• Re:Uhhh (Score:3, Informative)

      by angusr (718699)
      "He thinks the craft may have hit the ground too hard"

      In other news, this evening, the Sun will set over the Western Horizon.


      Bear in mind that impact damage was just one of many possible failure modes for Beagle 2. Transmitter failure, failure of the antenna to deploy, failure of the solar panels to produce enough power, failure of the onboard computers, and so on - there are lots and lots of reasons why it failed to transmit back to Earth. Up until now there's been an assumption catastrophic impact damag
      • Bear in mind that impact damage was just one of many possible failure modes for Beagle 2.

        Multiple failure points? Somehow that doesn't sound very good, not when we're talking pieces of equipment meant to be thrown out in space away from any kind of servicing. Aren't these things supposed to be both sturdy and have redundant failure protections?
    • in other news... Mars declares war after earth space probe kills their leader who was out for an afternoon stroll in the desert... diplomats not hopeful that a peaceful settlement can be reached!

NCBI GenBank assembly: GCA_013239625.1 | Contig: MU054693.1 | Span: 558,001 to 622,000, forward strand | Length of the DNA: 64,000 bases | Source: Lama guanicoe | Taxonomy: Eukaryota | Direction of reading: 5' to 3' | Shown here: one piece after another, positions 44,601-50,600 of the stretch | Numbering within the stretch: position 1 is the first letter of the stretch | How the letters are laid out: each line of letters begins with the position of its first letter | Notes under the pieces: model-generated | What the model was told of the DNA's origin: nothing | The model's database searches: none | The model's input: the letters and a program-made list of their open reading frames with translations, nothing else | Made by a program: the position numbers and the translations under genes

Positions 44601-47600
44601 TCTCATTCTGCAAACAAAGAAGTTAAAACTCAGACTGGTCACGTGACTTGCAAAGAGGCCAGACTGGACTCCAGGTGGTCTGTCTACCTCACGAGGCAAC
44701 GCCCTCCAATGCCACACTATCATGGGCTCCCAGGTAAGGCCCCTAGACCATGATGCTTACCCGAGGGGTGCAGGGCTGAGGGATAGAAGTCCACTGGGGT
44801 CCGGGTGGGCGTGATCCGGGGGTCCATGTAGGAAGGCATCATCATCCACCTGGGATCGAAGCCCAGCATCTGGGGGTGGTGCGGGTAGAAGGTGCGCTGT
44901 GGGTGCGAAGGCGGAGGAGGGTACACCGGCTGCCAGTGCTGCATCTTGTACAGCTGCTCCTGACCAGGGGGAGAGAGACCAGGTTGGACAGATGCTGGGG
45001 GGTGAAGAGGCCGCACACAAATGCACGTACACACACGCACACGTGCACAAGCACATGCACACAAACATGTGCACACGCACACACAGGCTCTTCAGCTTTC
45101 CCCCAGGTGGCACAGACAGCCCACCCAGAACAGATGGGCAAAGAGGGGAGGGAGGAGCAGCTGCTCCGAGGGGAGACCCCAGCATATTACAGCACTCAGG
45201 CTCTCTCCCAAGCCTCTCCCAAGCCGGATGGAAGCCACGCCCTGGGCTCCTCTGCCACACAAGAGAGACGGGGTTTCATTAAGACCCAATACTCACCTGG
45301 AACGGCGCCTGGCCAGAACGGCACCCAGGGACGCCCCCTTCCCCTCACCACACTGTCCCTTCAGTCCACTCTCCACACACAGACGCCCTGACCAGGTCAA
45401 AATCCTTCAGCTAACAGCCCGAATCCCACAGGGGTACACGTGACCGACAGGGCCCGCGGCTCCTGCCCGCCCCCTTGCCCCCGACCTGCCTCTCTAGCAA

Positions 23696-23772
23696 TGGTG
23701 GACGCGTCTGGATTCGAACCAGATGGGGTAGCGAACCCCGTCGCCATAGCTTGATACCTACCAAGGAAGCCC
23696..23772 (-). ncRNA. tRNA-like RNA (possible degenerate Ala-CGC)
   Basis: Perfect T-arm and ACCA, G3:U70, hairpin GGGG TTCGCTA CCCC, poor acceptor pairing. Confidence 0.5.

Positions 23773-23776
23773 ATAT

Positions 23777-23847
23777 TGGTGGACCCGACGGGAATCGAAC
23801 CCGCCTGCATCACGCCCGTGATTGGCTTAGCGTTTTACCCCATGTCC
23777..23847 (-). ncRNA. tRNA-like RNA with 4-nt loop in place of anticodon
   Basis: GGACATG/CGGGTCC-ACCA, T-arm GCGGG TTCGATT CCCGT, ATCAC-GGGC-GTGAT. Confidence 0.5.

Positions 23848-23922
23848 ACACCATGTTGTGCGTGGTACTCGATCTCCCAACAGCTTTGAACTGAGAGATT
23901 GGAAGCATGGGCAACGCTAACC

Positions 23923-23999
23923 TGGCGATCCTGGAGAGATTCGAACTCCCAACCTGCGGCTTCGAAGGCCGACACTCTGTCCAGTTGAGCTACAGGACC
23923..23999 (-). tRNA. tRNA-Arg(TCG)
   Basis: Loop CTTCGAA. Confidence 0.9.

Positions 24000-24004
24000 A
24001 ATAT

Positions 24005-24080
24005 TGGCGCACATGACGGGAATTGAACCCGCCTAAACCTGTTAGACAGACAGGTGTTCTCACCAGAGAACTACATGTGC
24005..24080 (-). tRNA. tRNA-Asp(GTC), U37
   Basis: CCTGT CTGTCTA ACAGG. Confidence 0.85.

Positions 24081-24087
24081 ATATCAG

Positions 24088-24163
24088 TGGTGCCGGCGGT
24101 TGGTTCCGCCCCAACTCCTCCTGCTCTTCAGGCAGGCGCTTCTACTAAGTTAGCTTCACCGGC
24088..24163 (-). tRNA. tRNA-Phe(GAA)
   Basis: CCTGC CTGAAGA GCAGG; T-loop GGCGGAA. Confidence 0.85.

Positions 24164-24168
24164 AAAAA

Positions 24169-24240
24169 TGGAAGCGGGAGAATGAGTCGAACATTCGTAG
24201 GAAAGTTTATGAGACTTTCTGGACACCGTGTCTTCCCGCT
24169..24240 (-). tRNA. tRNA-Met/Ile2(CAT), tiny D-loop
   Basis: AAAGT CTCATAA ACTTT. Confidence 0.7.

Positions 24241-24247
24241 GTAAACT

• You choose this, one of the darkest days of the year, to make fun of those of us living in the northern latitudes?

      (If you live far enough North, the sun will set over the Southern Horizon today - that is if you see it at all)
  • Holy crap (Score:5, Funny)

    by Viper Daimao (911947) on Tuesday December 20, 2005 @10:31AM (#14298282) Journal
    I've seen less pixelated images of tits on network tv.
  • by ReformedExCon (897248) <reformed.excon@gmail.com> on Tuesday December 20, 2005 @10:33AM (#14298307)
    If it were closer to Cydonia, maybe we could pick up movement as the little guys take the spacecraft away and hide it in top secret Martian military bunkers.

    I hope they don't have an equivalent Will Smith fighter pilot capable of flying our space ships over there. It'll make our invasion that much harder.
  • Ooo! If it is a Beagle Active Probe, we will be able to see 4 hexes, regardless of terrain! It is the ultimate close quarters detection tool, really.
  • Incredible (Score:5, Funny)

    by PeteQC (680043) on Tuesday December 20, 2005 @10:40AM (#14298346)
    Wow, we can't find Bin Laden on Earth, but we can find Beagle 2 on Mars.

    This is a funny world we live in...
  • by YA_Python_dev (885173) on Tuesday December 20, 2005 @10:40AM (#14298350) Journal

    The Beagle 2 lander was part of the very successful European Space Agency (ESA) [esa.int] Mars Express [esa.int] mission.